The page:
We apparently have failed to make the case so far about how many decent people in this nation live scared every single day that the next symptom or the next family illness will not be cared for, that the next medication will not be paid for or affordable, that the next cancer or heart attack will kill a loved one who couldn't win a battle fought with an insurance company, that the next phone call will be a collection agency acting for a hospital or doctor's office threatening to attach our wages or sue us in court, that the next medical visit will be cancelled because a deductible was not met, that the next fever will go undiagnosed because there was no way to see a doctor, that the next injury will have to be suffered as there was not a way to pay for an X-ray or physical therapy, that the next increase in insurance premiums will be too much for our family or our employers will not want to keep employees who are sick or who have health needs.

The list of battlefronts is very long. The potential points of terror are very real. The randomness and senselessness every bit as troubling as the Communist threat of the Cold War or the fear of the next 9-11.

This is a war. It is terror. The death panels operate with abandon, and the suffering adds up. 45,000 Americans dead every year in a preventable attack waged from within their own communities, states and nation. 124 Americans dead every day.

This isn't about health insurance reform. This isn't about Republicans or Democrats with hurt political agendas. This isn't about filibusters or 60-vote majorities. This isn't about election-year statistics and polls or about candidates with pick-up trucks that have more than 200,000 miles on the odometer.

The healthcare war in this nation is about the 45,000 dead Americans who need not have died and it is about the American citizen every 12 seconds who declares bankruptcy due to medical crisis. The healthcare war is about the citizens who must hold accountable all of their elected officials who have failed to end our terror and this war. Let's at least be honest about the healthcare war dead numbers in comparison to those dying on foreign soil. Why would any of us allow our own lives and that of our children to be so expendable as to not demand an immediate withdrawal from this healthcare war and an extension of healthcare to all? What is it that we are waiting for?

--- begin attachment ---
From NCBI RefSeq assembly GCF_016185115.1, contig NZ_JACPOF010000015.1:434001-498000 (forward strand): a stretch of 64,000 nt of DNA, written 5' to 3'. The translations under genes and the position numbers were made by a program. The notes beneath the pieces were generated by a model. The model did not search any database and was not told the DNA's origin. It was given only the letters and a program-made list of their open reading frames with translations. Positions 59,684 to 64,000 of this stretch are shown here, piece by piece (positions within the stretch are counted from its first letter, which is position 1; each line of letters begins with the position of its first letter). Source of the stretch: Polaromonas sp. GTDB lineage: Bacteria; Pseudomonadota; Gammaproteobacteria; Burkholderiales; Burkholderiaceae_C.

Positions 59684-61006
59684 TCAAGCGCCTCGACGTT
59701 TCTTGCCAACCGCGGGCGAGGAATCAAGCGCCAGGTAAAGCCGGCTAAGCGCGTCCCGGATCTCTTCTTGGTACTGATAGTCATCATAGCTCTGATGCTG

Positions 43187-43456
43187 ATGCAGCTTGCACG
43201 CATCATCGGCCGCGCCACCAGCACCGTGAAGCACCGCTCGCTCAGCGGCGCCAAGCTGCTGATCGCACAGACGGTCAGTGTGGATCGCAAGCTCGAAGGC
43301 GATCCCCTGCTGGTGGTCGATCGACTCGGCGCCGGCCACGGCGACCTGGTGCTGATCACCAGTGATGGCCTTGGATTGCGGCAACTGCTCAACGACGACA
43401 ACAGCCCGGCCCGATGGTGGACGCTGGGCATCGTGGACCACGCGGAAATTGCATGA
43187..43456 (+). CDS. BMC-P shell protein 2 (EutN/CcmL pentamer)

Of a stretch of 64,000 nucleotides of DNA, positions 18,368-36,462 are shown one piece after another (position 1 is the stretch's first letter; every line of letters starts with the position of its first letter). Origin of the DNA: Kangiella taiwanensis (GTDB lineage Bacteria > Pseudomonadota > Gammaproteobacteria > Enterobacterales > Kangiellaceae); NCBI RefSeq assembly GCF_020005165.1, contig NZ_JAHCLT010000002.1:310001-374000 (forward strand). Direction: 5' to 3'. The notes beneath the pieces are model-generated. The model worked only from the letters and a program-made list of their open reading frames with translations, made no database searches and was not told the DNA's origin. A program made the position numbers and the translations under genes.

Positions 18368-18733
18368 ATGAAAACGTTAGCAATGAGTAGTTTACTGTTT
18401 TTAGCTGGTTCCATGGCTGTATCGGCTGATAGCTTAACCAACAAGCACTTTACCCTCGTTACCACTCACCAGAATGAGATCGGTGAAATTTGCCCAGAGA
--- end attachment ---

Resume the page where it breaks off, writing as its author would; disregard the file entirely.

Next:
Let's extend Medicare to all. It works. It ends the terror for millions and millions of people. Medicare isn't about being Republican or Democrat. Medicare for all equals an end to a war that has claimed so many good people and gentle souls.

This is the world we live in. This is the world we cover.

Because of people like you, another world is possible. There are many battles to be won, but we will battle them together—all of us. Common Dreams is not your normal news site. We don't survive on clicks. We don't want advertising dollars. We want the world to be a better place. But we can't do it alone. It doesn't work that way. We need you. If you can help today—because every gift of every size matters—please do.

Donna Smith

Donna Smith
Donna Smith Donna Smith is the national chair of the Healthcare Not Warfare campaign for Progressive Democrats of America.  She was featured in Michael Moore’s 2007 documentary, SiCKO.